What do bacon, sausage, hot dogs, salami, beef jerky, and ham have in common? They are examples of processed meat. Processed meat is meat products made from muscle meat, animal fats and additives. The addition of additives changes the color and texture making the product palatable and visually appealing. Sometimes animal skin, internal organs, and blood are used in the processing.
Smoking, curing, fermenting and adding salt or preservatives are the main methods used in meat processing.
You may ask, why are these processes bad? Cancer-causing chemicals like N-nitroso compounds and benzopyrene residue can form during processing. It’s estimated there are 34,000 deaths from cancer every year caused by diets high in processed meats.
Eating 50 grams of processed meat daily increases your risk of developing colorectal cancer by 18%. That’s like eating 4 strips of bacon, or one hot dog.
Read on to see five horrifying facts about the processed meat you eat.
1. There’s Poop in Your Meat
Yes, you read that right! Your meat is contaminated with feces. If you don’t cook it properly you run the risk of E-coli poisoning and blood infections. In factory farming, overcrowding is common. Feces adhere to the animal’s hide or get trapped in the intestines. Ultimately, the feces then make their way onto your plate if not cooked properly.
2. There’s Carbon Monoxide in Your Meat
Believe it or not, it’s legal to use carbon monoxide to package meat. The gas keeps meat red for more than three weeks. While the dose of carbon monoxide is said to be harmless, it creates another problem. Carbon monoxide keeps the meat red even after it has spoiled, so people may not know when their meat has gone bad.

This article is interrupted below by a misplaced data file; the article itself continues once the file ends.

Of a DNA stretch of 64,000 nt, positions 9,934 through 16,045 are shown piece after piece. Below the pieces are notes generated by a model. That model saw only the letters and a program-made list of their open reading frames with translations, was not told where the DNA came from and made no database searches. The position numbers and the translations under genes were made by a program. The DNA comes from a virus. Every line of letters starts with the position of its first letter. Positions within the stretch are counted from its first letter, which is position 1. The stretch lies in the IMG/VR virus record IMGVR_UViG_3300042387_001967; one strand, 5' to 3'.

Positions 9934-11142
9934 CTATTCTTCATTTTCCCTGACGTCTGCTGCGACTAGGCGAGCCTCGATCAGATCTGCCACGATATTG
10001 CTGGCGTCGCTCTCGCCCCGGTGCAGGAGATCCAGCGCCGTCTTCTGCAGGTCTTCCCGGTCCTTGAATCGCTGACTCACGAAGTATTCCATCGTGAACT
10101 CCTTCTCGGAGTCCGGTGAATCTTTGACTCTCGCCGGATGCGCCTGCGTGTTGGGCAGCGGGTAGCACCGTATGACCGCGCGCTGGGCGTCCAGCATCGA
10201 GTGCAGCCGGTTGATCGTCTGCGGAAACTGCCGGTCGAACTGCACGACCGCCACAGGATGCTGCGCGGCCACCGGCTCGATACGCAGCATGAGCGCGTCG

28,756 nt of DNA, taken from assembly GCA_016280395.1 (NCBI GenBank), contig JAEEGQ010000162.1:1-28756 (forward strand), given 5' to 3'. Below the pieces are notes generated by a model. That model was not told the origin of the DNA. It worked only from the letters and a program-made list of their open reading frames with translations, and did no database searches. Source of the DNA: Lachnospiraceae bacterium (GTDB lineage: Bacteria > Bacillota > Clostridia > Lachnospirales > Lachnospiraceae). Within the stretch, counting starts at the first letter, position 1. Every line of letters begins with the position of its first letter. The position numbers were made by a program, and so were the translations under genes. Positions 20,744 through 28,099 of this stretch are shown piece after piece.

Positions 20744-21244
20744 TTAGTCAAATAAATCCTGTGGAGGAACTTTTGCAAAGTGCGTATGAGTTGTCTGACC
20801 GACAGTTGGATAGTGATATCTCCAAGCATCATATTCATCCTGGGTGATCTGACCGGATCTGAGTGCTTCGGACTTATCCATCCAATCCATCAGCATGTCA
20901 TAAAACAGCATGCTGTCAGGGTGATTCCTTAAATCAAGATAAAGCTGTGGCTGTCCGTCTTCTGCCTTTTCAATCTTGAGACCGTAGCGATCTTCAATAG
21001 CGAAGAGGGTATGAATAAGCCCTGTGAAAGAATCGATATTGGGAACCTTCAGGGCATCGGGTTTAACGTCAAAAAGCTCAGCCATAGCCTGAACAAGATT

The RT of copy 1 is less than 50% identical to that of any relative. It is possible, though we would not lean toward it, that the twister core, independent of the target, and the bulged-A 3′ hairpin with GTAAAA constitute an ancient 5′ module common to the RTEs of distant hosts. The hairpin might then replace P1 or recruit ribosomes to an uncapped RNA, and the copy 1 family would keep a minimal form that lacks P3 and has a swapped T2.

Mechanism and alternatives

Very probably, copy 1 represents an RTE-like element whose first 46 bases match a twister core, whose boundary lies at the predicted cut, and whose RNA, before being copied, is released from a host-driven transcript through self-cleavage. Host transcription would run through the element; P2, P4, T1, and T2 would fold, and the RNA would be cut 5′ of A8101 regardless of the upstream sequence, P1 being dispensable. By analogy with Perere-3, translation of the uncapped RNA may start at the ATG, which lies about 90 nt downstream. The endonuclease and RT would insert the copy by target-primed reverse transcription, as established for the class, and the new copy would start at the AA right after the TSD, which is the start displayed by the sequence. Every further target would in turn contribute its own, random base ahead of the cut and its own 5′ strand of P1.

3. There Are Superbugs in Your Meat
On factory farms, livestock are fed antibiotics to prevent the growth of bacteria and protect them from developing disease. Overcrowding and unhygienic living conditions make developing disease more common. Repeated exposure to antibiotics lead to ‘superbugs’, bacteria that are resistant to antibiotics. When you eat meat from these farms, you’re also consuming the antibiotics they were fed, as well as the superbugs.
4. Your Meat is Held Together by Glue
That piece of meat on your plate may actually be meat scraps held together by a synthetic form of transglutaminase, also known as meat glue. Transglutaminase, in its pure form, is an enzyme that repairs body tissue in living organisms. Meat glue creates a similar process in meat, holding together individual meat pieces to form one solid slab. Cooked ham is an example of meat that uses synthetic transglutaminase products.
5. Your Chicken May Contain Prozac
The conditions of factory farms cause depression in some chickens. Farmers give their chickens antidepressants, not to help them be happy, but to avoid the stress of depression which slows their growth. Giving antidepressants to chickens helps them grow larger. The larger the chicken, the more money paid to farmers. The next time you eat that chicken nugget, you might also get a dose of Prozac!
The World Health Organization classifies agents into one of five groups:
1: Carcinogenic to humans
2A: Probably carcinogenic to humans
2B: Possibly carcinogenic to humans
3: Not classifiable
4: Probably not carcinogenic
Processed meats are classified as Group 1.
So, how do you get the protein from meats without the added carcinogens? Eat only fresh meat when possible, and make sure the label says it’s 100% grass fed, or better yet, pasture-raised. You can also try substituting beans in your recipes, which are a great source of protein.
The FDA has said it’s OK to have up to four rodent hairs per 100 grams of processed food.